• K.M. Weiland | @KMWeiland says

      Definitely. And it wouldn’t have made sense in this particular story to do anything more obvious, since it would required character development the story didn’t have time or purpose for. But it was a very nice touch.

  7. June Sullivan says

    This post has me really inspired. The way you wrote it, it made me think of Citizen Kane and that character whispering Rosebud at the very end (albeit he wasn’t revealing a better side so much as his deep motivating pain).

    Anyway, I’d like to ask you another question about this topic. Do you think leaving a hint of a villain’s better side to the end (like Rosebud) or at least “late in the” story like you mention for Sid in Toy Story? Or do you think there should be some hints earlier.

    • K.M. Weiland | @KMWeiland says

      It depends how complex you’re intending the character to be. If you want him to be broadly villainous (as Sid was), it’s better not to confuse things early on. But if you’re wanting to paint the portrait of a more complicated character (such as in Citizen Kane), it’s best to hint up front that there’s more to this character than meets the eye.

    • K.M. Weiland | @KMWeiland says

      Truth. I’ve always thought that too. If nothing else, the poor kid was traumatized for the rest of his life by “living” toys and the certainty that no one else would believe what he saw.

  8. Posts like this are the reason your website sits on top of my bookmark bar so I remember to click thru everyday. This is a story telling aspect I never considered and actually missed when I watched the story.

  9. K.M…

    I have a protagonist who has been a life-long socialist, and now later in life when he needs money for some altruistic purpose, he regrets playing fair and not having amassed a capitalist fortune. And in fact, he turns traitor on his principles and plans a heist. I’m guessing now that he should remain of two minds about all this — that he should be conflicted all the way to the heart of his story. What say ye?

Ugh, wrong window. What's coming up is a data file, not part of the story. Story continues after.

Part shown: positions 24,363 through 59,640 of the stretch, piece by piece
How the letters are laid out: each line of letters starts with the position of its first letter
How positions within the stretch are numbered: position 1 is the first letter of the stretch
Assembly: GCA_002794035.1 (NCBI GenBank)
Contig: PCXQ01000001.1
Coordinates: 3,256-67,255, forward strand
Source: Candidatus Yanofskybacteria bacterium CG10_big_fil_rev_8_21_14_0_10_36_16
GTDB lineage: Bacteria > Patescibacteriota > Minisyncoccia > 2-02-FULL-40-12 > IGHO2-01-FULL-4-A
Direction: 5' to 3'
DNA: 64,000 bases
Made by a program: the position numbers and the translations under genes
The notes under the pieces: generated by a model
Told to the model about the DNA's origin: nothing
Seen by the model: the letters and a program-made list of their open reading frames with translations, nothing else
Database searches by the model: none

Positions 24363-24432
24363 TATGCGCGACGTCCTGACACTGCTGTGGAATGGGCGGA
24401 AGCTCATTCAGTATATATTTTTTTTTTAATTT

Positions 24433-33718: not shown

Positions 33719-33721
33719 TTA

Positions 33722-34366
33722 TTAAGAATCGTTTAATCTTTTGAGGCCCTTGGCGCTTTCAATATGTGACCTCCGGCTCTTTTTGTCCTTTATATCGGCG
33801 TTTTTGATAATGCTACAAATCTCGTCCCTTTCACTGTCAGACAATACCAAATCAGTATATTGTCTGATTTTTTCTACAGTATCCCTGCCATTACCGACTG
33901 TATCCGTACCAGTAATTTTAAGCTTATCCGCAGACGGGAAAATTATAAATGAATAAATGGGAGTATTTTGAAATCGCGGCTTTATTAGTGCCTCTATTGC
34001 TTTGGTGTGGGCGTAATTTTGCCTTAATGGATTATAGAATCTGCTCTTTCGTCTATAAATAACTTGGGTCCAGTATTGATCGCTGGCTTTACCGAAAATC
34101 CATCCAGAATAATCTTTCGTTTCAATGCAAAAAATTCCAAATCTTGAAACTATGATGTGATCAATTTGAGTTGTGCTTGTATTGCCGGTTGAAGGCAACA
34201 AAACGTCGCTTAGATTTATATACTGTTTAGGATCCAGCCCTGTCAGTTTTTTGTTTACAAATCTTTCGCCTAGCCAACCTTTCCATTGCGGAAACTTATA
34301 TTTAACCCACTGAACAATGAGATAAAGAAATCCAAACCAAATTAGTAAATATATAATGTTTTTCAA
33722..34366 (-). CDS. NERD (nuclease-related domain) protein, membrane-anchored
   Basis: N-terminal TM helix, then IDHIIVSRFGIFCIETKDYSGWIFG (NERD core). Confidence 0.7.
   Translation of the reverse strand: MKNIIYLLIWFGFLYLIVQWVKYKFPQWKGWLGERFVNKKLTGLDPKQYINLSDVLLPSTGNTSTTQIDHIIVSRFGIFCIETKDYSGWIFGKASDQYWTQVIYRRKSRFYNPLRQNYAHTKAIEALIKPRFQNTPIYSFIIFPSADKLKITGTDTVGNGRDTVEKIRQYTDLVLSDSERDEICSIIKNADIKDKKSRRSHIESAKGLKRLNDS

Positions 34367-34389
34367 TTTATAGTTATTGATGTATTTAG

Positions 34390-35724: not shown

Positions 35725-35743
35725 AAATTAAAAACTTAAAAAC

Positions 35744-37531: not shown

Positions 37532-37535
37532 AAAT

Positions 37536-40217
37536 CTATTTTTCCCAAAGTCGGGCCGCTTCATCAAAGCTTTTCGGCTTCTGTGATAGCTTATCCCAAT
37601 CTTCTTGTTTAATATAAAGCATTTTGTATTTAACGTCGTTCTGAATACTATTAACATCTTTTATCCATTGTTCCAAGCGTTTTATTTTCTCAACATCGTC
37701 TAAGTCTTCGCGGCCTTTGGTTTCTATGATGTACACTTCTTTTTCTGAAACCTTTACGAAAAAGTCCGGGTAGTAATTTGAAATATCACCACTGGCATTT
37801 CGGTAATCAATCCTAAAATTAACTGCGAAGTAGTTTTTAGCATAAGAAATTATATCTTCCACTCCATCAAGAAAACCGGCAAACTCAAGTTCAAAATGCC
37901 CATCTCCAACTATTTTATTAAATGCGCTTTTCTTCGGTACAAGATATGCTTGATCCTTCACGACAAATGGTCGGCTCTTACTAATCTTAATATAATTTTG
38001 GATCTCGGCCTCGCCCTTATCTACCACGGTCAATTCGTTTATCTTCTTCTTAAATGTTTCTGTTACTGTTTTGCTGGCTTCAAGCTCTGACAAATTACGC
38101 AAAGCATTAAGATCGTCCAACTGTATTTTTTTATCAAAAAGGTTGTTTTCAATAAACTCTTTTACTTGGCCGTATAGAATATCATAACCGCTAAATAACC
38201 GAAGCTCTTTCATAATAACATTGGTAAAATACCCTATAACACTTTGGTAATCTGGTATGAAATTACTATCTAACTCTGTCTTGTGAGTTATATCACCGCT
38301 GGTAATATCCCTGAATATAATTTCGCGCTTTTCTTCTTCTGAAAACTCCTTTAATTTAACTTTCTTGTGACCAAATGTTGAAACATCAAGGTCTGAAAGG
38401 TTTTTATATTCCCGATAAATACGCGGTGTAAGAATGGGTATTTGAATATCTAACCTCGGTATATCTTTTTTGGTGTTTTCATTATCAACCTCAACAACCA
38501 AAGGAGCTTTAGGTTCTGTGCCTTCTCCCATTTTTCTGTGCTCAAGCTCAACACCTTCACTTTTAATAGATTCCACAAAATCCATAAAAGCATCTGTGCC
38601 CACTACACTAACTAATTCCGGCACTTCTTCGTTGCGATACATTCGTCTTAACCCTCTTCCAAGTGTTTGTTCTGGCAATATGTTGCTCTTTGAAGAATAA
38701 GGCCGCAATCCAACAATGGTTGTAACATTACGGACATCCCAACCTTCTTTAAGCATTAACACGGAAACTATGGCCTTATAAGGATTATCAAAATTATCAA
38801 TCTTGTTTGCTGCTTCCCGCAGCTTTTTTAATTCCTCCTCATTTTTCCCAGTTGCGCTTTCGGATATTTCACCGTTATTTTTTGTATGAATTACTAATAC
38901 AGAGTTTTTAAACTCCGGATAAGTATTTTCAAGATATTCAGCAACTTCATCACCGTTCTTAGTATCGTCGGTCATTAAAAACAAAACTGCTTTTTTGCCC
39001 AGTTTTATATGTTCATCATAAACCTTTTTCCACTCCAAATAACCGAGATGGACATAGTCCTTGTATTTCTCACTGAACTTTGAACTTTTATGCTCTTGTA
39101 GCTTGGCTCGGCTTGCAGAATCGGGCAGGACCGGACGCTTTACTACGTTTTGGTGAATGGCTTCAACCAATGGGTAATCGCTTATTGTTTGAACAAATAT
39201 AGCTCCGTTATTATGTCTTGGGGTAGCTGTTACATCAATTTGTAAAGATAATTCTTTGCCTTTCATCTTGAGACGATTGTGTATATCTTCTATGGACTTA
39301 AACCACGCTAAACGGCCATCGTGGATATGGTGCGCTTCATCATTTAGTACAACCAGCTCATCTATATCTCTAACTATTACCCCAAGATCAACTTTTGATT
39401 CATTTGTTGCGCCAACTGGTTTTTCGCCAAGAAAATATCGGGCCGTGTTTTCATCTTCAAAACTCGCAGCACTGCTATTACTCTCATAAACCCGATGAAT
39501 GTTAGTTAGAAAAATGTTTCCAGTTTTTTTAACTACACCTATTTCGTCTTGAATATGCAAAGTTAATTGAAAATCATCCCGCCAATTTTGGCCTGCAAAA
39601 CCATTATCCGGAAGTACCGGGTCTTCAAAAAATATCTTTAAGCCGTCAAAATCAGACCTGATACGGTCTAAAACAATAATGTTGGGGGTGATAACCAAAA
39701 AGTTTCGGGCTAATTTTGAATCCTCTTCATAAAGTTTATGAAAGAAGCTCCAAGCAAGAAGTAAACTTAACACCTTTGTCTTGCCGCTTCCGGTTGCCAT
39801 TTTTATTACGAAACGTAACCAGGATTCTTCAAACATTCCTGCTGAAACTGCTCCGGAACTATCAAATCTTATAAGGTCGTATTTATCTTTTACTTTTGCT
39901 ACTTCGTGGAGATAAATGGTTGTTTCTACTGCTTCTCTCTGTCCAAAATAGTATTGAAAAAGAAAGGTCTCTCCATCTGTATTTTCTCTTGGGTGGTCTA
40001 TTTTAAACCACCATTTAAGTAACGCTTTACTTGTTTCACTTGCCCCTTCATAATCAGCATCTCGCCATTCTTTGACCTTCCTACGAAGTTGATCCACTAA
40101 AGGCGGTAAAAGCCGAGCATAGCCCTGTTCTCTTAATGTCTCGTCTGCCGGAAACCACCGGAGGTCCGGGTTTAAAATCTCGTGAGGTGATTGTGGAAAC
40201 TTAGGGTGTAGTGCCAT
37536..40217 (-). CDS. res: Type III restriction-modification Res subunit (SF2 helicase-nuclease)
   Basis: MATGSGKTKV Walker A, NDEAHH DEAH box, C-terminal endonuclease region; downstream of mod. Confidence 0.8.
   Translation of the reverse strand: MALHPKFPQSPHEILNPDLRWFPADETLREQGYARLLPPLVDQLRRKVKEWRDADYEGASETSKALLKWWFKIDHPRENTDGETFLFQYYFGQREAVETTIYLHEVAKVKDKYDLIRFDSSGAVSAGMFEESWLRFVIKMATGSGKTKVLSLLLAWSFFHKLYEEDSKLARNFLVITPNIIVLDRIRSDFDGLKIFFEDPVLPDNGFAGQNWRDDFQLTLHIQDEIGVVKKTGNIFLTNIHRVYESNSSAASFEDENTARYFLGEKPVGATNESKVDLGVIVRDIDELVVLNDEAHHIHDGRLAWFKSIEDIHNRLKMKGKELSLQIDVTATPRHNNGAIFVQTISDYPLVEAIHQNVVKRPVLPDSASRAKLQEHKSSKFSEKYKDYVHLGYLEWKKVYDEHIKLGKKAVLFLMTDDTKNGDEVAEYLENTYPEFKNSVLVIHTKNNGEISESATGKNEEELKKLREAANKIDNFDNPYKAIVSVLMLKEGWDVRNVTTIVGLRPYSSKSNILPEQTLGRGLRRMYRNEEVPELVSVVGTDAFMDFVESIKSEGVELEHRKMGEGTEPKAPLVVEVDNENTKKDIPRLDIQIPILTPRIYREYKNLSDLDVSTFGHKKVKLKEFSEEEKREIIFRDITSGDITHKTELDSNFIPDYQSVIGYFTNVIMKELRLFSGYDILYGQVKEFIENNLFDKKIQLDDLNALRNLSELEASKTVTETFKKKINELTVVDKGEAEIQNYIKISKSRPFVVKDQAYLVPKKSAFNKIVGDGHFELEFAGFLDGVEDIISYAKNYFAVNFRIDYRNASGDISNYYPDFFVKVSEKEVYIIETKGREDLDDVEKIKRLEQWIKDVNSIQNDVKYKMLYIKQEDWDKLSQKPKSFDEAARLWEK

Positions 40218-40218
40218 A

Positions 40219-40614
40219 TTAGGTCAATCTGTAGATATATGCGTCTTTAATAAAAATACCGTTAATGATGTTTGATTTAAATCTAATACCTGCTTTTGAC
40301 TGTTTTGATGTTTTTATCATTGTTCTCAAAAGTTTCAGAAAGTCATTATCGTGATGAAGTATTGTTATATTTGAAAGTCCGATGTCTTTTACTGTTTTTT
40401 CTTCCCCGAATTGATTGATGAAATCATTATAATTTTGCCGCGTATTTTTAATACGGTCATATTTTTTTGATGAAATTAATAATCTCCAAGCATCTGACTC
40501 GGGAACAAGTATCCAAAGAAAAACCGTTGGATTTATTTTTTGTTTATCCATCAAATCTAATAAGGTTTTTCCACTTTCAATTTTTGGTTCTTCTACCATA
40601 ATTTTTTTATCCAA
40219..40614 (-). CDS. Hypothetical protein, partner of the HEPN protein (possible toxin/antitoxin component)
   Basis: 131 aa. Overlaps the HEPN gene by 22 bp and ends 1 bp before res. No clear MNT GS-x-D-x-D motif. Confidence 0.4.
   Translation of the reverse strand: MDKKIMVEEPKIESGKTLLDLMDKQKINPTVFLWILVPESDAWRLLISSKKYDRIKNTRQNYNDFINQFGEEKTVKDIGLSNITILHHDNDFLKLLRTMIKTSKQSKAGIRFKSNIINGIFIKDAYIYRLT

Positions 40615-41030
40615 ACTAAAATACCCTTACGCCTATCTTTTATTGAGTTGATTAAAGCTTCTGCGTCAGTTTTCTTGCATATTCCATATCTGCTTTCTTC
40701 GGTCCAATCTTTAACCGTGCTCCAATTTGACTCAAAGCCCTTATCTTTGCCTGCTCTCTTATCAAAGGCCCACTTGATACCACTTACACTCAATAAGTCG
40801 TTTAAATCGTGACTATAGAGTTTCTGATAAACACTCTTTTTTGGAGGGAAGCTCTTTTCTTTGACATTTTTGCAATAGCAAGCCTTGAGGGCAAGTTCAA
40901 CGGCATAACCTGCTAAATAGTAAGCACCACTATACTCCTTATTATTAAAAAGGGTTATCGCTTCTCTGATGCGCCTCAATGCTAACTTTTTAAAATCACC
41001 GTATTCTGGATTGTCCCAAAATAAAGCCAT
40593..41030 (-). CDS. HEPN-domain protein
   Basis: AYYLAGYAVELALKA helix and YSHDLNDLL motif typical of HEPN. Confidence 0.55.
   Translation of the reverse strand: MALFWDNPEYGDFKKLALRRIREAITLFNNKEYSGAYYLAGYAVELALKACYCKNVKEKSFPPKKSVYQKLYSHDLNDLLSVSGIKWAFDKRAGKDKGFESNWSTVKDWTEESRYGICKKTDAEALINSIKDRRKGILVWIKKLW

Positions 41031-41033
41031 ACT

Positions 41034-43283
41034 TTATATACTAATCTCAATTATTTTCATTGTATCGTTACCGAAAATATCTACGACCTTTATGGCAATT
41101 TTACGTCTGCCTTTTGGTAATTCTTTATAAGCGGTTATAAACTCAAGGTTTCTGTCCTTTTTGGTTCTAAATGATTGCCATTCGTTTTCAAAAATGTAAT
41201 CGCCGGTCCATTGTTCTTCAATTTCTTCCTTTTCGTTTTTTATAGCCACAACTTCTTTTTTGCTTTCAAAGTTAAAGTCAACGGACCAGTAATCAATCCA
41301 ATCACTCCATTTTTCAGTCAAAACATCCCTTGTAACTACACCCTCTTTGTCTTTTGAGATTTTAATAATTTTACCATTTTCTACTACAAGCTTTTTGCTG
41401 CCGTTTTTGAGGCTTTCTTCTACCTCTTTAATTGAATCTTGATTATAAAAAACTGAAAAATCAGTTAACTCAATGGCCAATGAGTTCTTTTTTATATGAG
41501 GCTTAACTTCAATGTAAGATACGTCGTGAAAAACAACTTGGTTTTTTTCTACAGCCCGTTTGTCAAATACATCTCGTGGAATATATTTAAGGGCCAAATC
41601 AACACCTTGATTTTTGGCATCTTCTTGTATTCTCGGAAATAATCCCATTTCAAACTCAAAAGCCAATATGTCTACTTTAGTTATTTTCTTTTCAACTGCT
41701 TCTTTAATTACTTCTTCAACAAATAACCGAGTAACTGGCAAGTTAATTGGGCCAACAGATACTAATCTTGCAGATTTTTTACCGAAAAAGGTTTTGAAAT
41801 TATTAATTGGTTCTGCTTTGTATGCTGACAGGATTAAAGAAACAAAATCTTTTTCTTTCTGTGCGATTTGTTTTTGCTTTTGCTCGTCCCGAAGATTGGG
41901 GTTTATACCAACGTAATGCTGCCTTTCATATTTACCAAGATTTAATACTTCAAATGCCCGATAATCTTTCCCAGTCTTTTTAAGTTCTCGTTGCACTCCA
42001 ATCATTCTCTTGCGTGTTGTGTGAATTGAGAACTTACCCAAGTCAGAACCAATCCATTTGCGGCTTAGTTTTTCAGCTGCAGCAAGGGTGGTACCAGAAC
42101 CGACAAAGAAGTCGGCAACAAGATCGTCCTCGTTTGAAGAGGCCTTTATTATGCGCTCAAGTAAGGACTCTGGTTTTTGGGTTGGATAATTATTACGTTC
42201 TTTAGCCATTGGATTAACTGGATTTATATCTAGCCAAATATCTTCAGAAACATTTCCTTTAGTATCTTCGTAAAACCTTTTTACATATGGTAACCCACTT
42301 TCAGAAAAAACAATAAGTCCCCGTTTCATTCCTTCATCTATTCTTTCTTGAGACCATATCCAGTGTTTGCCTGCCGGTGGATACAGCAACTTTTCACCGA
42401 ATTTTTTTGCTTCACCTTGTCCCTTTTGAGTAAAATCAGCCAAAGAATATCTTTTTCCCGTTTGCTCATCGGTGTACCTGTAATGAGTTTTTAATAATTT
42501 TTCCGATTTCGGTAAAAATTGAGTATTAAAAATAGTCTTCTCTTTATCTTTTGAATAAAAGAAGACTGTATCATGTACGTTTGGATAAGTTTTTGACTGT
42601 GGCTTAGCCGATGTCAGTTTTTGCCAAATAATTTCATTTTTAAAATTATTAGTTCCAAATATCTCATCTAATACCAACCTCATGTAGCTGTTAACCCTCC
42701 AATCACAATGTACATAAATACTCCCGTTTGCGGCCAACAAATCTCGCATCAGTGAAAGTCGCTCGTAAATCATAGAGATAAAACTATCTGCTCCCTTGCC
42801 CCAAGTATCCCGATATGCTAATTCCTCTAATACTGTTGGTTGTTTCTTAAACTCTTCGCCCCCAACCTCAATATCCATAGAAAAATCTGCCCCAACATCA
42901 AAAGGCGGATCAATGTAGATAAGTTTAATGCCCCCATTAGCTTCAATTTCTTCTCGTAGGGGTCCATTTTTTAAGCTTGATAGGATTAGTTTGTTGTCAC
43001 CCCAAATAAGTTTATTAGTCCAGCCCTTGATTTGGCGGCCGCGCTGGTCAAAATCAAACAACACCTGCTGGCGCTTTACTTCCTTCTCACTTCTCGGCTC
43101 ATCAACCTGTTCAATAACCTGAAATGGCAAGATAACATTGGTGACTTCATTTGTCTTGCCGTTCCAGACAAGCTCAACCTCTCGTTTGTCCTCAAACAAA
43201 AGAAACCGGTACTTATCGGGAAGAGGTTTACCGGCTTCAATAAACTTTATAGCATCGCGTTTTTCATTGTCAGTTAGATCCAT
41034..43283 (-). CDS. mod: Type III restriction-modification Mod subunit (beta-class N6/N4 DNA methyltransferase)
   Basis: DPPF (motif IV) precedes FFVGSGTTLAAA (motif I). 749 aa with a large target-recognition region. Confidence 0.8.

• K.M. Weiland | @KMWeiland says

      Speaking totally personally, hypocritical characters are always the ones I end up hating the worst–which is awesome if he’s supposed to be hated and not-so-awesome if he’s the good guy. :p So, yeah, I’d say inner conflict and progression always beats immediate turnabouts in fundamental views.

  10. Trevor Veale says

    My “bad guy” antagonist on first meeting the MC was so light, witty and charming that one reader said she didn’t know whether to like the guy or dislike him, so I’m with you all the way on humanizing the villain.

  11. Andy Costello says

    Another fantastic post. Katie – your advice is insightful and superbly illustrated. Every day I’ll either listen to a podcast, read your book, or study one of your blogs.

    Then I review my first draft to see how I can incorporate what I’ve learnt.


  12. Wow, this is great! I have thought about contrast before, but never so clearly as you write here. Now that you mention this, and Toy Story, I can see how Buzz and Woody are so contrasting next to each other as well. Is this purposeful for the reasons you mentioned? Buzz is tense and ‘military’ feeling, dressed in silver and hard metal (hard clothes), with blinking lights. Even his name is short and succinct. Woody is brown and yellow (warm tones), dressed in soft clothes, and his body is very relaxed as he swaggers. He wants everyone to be friends. Even his name is more relaxed. Do we want our characters to contrast each other, as well as themselves?

    • K.M. Weiland | @KMWeiland says

      I’m sure the contrasts were at the forefront of the filmmakers’ minds when they designed the characters. Woody and Buzz are perfectly matched to create all kinds of interesting conflict opportunities.

  13. Could you please explain why he says ‘I want to ride a pony’? I just find that part confusing. Or the contrast of his inner and outer personality because I’m really new to this ‘author stuff’.
    Thank you!

    • K.M. Weiland | @KMWeiland says

      It’s just a casual illustration that, for his evilness, he’s actually just a little child at heart.

  14. Characters with highly conflicting traits are some of my absolute favorites to write…even though they’re my least favorite to figure out.
    I have no better examples in my character roster than Morgan and Miran, the younger twins of a royal family of a world left in ruin. They have an elder sister and she’s a fantastic character in her own right, but she’s a bit more straightforward than her siblings.
    I’ve been poking at Morgan for around a year now and he’s just now allowing me to see his inner workings. He’s kept himself so carefully guarded for so long that I really had no idea what was going on underneath his hood. I’ve only scratched the surface with him, but what I do know about him is absolutely fascinating.